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REMAINING SECURE IN PRIVATE EQUITY IN A CYBER FUELLED LANDSCAPE

05/11/2019

Alex Bransome, Chief Information Security Officer at Doherty Associates  discusses tougher compliance in the financial services landscape, and how PE’s, in particular, can remain secure in a challenging climate.

 

Accenture reports that financial services firms globally are investing heavily in financial technologies, including big data technologies and predictive analytics, as well as the necessary infrastructure to be GDPR compliant. The Private Equity industry is also focusing on technology and cybersecurity, with the recent acquisition of  UK technology firm Sophos by US PE firm Thomas Bravo as an example. Yet the PE industry itself is one of the biggest and most lucrative targets for cyber criminals.

 

Private equity funds are a naturally high value target for cybercriminals. Firms, many of which are small enterprises, collect and hold a wealth of sensitive client and market information, not to mention the large sums of funds moved on a regular basis leaving them wide open to significant risk of a data breach.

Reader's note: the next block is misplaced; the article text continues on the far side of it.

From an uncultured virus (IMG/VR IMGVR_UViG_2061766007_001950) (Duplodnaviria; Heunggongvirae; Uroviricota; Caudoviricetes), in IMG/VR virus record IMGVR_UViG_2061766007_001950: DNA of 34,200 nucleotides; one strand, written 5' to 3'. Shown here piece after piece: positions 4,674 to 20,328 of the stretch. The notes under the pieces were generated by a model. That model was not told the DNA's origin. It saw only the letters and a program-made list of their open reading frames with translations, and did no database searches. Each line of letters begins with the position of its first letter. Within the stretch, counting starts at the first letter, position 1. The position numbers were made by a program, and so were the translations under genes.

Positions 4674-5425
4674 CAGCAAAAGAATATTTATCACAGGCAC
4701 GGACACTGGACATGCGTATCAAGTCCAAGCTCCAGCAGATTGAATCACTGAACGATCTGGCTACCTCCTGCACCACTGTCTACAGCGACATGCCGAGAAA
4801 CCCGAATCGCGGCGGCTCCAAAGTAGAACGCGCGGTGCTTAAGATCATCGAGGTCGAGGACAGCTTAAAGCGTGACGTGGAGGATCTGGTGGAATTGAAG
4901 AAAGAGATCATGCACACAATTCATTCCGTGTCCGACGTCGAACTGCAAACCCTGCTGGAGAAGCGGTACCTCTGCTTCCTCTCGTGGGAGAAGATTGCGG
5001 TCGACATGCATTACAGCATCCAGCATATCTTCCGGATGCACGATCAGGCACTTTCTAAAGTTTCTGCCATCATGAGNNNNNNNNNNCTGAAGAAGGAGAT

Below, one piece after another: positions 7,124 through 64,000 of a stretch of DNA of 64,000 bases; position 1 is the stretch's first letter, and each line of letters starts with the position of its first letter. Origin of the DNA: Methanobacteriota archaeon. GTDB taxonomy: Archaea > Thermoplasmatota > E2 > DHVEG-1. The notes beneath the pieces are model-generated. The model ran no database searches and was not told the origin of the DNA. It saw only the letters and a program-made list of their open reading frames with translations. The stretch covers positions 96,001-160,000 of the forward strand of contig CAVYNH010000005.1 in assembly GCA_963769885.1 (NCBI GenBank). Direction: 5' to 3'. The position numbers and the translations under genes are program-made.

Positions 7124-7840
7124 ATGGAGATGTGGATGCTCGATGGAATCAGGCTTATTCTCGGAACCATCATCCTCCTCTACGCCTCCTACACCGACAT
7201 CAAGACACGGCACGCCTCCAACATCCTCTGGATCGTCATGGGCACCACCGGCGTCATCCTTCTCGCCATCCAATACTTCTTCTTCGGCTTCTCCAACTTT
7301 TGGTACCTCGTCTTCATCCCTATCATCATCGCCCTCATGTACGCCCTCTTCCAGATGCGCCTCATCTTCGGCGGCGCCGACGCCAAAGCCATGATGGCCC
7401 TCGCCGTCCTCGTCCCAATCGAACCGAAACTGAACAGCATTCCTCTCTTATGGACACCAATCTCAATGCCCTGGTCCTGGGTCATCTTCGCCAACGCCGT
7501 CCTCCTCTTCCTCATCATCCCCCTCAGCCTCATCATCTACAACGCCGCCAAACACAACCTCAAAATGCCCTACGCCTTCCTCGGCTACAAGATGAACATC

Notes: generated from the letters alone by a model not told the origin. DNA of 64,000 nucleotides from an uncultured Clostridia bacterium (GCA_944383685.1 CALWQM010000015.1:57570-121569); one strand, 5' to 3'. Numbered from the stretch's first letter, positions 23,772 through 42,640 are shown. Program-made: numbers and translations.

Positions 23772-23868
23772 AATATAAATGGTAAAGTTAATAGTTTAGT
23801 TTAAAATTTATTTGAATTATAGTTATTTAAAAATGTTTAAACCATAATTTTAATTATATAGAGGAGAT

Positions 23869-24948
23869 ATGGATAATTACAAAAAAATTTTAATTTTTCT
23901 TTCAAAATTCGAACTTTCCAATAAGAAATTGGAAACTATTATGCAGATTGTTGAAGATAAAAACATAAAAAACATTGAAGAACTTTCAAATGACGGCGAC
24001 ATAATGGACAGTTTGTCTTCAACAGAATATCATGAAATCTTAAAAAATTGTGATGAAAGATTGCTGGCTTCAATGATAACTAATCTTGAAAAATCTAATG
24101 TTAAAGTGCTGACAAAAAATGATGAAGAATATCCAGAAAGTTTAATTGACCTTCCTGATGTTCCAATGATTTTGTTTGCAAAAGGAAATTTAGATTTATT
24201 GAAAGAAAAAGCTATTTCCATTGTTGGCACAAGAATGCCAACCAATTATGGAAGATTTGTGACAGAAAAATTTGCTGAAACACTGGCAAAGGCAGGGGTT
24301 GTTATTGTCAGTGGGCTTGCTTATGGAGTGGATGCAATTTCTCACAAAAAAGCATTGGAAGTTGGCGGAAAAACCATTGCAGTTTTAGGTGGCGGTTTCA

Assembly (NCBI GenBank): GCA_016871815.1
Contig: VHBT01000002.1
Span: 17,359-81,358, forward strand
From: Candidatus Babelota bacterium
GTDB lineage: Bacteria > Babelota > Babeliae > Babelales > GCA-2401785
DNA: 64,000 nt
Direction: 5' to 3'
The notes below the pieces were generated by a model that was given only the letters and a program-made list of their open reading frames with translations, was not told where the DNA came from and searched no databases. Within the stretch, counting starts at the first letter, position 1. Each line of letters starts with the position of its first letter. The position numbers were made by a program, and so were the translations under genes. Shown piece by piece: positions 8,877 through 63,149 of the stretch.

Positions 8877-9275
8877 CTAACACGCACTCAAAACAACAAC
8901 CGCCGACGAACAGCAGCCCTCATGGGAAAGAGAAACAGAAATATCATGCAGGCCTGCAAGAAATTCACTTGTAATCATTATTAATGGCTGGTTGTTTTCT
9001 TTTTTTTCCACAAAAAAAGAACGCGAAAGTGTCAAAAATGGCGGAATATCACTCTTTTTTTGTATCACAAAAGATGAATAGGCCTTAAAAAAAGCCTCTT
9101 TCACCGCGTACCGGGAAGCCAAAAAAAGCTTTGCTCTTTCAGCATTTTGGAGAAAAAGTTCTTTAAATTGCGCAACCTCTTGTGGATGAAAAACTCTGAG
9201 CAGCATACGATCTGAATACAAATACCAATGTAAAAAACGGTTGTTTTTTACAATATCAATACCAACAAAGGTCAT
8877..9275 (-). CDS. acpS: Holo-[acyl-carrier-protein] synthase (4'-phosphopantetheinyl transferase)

Neil Hampson, Partner, UK Cyber Security Leader at PwC commented “The threats are enormous. 80% of [private equity and portfolio]  organisations have had a breach in the last 12 months and the time it took for the organisation to discover that they had been breached was 8 months. In Private Equity, he continues,  “it applies in three areas. First there is a private equity organisation itself; secondly it’s the deal they are doing and then the third one is the management of the portfolio company thereafter.”

 

Alex Bransome

With the lure of high net worth customers and market-sensitive data a key driver for attackers, it is often a case of when – not if –  this data falls into the wrong hands. The consequences of such a breach  can be severely damaging to the company portfolio, causing extensive business interruption and financial loss. Types of data that attackers are particularly attracted to include: